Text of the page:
Hernia types are categorized based on where the they are located on the body. As discussed below, types of hernias are also labeled based on other identifying factors.
Each hernia is treated differently based on it’s location and other factors. As expected, no one treatment is right for a specific hernia or a specific patient. Understanding the different types of hernias can help you be more educated in making decisions about your treatment.
Types of Hernias – Classification
The location of a hernia is the primary way it is categorized (click a hernia below to learn more).
- Inguinal (groin hernia)
- Umbilical (belly button hernia)
- Femoral (below the groin)
- Epigastric (just below the breast bone)
- Ventral (above the umbilicus)
- Incisional (through a prior surgery site)
- Recurrent (after a prior hernia repair)
- Unilateral (one side of the body)
- Bilateral (both sides of the body)
- Recurrent bilateral inguinal hernias
- Unilateral femoral hernia
- Umbilical hernia
Types of Hernias – Inguinal Hernias
Inguinal hernias, also known as groin hernias, are when the intestines or fat push through the muscles into the inguinal canal (groin area). This is by far the most common type of hernia, comprising about 75% of all abdominal wall hernias. Inguinal hernias can be found in men and women, but are much more common in men due to the fact that men already have a small hole in the groin muscles to allow the arteries, veins, and spermatic cord to pass to the testicles. 97% of inguinal hernias are seen in men.
The hernia can be directly through the muscle (direct inguinal hernia) or the hernia can follow the round ligament or spermatic cord through it’s indirect path as they exit the abdomen (indirect inguinal hernia). Distinguishing between a direct and indirect inguinal hernia is difficult, if not impossible before surgery. Fortunately, it is also unimportant since the treatment, including the incision and the repair itself, is essentially the same for either one.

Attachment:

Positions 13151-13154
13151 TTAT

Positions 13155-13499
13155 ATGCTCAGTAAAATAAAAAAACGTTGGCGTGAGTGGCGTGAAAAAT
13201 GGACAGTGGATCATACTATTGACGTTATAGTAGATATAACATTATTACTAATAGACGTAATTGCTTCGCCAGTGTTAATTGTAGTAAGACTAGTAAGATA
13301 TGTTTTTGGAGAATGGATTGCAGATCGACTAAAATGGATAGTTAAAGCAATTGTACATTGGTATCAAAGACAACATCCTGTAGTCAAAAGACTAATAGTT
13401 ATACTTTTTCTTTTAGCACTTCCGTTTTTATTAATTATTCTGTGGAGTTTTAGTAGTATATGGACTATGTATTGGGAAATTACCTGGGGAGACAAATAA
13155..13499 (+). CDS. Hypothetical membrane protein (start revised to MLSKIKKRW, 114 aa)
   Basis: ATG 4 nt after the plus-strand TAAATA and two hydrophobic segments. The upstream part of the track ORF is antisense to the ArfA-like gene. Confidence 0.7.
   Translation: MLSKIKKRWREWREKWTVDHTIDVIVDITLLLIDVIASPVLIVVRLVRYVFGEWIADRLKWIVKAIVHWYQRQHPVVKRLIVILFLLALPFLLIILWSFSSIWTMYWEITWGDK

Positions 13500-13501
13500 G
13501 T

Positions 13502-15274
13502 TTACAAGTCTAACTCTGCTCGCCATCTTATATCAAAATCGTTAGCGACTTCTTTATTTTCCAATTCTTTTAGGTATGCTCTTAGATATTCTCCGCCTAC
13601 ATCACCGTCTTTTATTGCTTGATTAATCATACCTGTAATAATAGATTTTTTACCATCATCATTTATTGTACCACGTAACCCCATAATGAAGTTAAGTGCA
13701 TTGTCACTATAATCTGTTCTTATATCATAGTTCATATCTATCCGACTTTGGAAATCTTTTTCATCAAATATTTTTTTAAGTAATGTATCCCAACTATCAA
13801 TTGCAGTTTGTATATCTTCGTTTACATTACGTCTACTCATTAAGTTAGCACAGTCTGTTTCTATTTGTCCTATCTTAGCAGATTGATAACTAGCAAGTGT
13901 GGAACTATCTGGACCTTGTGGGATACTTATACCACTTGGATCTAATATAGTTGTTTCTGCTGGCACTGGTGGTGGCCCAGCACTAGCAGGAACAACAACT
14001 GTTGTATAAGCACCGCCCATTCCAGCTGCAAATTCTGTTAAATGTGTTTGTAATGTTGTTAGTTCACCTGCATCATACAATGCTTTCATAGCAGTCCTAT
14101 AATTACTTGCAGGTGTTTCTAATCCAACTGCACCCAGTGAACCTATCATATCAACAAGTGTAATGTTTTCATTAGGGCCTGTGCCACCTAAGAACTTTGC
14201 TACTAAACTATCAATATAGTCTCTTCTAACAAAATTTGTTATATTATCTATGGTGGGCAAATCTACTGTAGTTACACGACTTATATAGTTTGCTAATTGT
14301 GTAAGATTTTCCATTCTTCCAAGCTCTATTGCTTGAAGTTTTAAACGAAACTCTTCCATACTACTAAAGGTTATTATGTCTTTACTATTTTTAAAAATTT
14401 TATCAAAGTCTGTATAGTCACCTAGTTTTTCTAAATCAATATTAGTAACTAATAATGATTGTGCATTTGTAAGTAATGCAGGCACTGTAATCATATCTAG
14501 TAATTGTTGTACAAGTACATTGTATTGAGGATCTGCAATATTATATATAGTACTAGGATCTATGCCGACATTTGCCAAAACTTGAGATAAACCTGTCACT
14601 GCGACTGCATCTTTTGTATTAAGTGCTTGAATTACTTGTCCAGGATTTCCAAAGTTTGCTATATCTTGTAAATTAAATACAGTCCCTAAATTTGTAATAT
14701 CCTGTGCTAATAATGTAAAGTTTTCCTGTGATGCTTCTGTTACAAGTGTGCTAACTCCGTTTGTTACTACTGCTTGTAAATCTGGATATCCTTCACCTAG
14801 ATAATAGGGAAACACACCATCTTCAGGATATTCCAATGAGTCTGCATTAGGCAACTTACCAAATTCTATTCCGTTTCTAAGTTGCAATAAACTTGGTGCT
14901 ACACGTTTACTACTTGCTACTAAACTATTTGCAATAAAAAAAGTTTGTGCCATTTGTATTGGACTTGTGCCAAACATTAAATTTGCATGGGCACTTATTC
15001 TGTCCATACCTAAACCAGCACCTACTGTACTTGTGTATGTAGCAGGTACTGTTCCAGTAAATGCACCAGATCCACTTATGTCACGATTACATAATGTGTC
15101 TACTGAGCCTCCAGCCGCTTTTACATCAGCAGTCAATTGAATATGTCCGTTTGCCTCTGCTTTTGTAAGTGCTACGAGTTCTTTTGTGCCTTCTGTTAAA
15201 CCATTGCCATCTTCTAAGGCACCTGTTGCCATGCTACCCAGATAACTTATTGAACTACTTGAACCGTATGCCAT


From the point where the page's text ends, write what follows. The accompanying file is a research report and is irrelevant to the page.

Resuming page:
Inguinal hernias often develop as small bulge that enlarges over time. Again, the bulge that is seen is often internal fat or intestine pushing through the muscle. The bulge may disappear while lying down and return with activity. As a groin hernia gets larger, the bulge can often extend from the groin down into the scrotum itself. These larger hernias can be difficult to reduce, causing more symptoms.
You can read more on our ‘Inguinal Hernia‘ page.
Types of Hernias – Umbilical Hernias
Belly button hernias, known as an umbilical hernias, are when the intestines or fat push through a weakening of the muscles in the middle of the abdomen underneath the umbilicus or navel. This location is prone to muscle weakness since it’s where the greatest stress is placed on the muscles when we do anything physical. In children these hernia often go away on their own, but in adults these hernias never get better and usually get larger over time.
You can read more on our ‘Umbilical Hernia‘ page.
Types of Hernias – Recurrent Hernias
As we’ve discussed elsewhere on our site, hernias form due to a weakness in the muscles of the abdominal wall. Whether that is located in the groin, the umbilicus, or a prior incision, the cause of a hernia is almost always the same – weakened muscles. The treatment for a hernia is to repair this weakened muscles, and close the hole that has formed.